Turfgrass is any variety of grass used to form a turf area. It is usually thick grass that grows quickly. Some lawn care specialists use turfgrass to fill out their lawn, while others consider it a pest that ruins the uniform look of the lawn. In either case, proper turfgrass identification determines the grass' fertilization, mowing, watering and irrigation needs. Determining the type of turfgrass in your lawn requires looking for common traits, and comparing this to the turfgrass that's native to your area.
Determine that the plant in question is actually a grass, and not a sedge or rush plant. According to Purdue University, grasses have leaves that are arranged in rows of two; and a ligule, a thin outgrowth from the juncture where the leaf grows. Sedge and rush have leaves in rows of three, and have a triangular-shaped stem.
Examine the vernation of the young grass, which is the appearance of the young, unexpanded leaf. According to the University of Minnesota Extension, leaves will either be folded or unfolded. However, according to Purdue University, some grasses will have a varied leaf vernation, such as Bermuda grass, making identification based on vernation alone difficult.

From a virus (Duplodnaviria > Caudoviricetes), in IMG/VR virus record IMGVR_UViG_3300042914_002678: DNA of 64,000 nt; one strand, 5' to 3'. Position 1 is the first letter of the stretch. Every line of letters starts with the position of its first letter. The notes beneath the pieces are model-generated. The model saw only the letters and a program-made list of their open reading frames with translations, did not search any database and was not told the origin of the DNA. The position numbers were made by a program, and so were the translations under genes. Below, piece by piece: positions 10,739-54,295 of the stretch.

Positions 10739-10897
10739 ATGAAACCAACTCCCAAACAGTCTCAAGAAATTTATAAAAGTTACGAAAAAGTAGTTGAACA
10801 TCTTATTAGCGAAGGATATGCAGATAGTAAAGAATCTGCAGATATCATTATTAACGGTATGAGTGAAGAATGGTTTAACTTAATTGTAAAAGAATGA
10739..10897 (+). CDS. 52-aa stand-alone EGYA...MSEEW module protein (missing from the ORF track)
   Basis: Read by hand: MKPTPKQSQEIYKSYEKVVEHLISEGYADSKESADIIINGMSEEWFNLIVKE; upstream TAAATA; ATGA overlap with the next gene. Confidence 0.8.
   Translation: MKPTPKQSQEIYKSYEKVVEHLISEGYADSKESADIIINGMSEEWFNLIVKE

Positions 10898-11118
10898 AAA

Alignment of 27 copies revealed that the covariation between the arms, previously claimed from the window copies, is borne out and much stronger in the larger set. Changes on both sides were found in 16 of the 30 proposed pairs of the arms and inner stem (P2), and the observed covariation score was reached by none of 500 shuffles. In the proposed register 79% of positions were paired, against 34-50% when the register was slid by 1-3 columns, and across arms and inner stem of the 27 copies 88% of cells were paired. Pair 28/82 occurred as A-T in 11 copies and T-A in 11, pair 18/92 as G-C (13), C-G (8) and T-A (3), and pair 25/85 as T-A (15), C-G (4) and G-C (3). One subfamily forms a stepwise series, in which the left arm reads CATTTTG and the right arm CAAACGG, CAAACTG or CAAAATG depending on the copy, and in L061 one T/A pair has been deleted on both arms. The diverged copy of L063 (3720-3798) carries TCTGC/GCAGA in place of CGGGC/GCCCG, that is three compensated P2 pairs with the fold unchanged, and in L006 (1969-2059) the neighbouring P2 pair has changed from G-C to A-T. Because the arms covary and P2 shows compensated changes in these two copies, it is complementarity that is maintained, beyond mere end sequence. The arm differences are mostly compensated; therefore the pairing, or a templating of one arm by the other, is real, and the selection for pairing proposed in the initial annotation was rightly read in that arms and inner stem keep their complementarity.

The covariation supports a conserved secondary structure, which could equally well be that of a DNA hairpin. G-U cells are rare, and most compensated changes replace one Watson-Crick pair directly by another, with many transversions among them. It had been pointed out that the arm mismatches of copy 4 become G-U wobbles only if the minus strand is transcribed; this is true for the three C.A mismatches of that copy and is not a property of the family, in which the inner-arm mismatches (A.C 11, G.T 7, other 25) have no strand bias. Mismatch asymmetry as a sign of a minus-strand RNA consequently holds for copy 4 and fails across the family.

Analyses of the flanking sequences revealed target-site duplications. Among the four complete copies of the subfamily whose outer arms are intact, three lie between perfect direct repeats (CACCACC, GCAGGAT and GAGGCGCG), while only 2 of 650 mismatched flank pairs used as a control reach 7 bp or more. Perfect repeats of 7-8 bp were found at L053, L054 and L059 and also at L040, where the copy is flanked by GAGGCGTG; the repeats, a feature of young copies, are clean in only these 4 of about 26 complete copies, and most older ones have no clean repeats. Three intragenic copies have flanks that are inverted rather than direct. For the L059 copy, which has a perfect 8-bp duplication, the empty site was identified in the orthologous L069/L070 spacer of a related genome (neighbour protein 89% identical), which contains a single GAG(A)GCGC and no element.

Study the leaf blade of the plant and compare it to turfgrasses that are native to the area, and those known to enjoy the area's climate. Your local University Extension will have a database of local plant varieties available. A leaf contains a lower sheath, surrounded by a stem or a crown above the node where it is located. Study the ligule closely, and compare it to photos of turfgrass in the area.
Examine the leaf tip of the plant, as the shape of the leaf tip differs on many varieties. Leaf tips may be round, boat-shaped or sharp in appearance. The back part of the leaf may have a mid-rip as well, helping identify between species that do, and do not, have such a feature.
Study the growth habits of the turfgrass, and compare that to the varieties you have narrowed the possible grasses to. Turfgrass may grow in bunches, or spread out. Turfgrasses will spread by above-ground vines, or underground with roots called rhizomes. Identification through growth helps narrow down species' possibilities.
Send a sample of the turfgrass into your local University Extension service if still in doubt. Many University Extensions are glad to identify plant species for a small fee.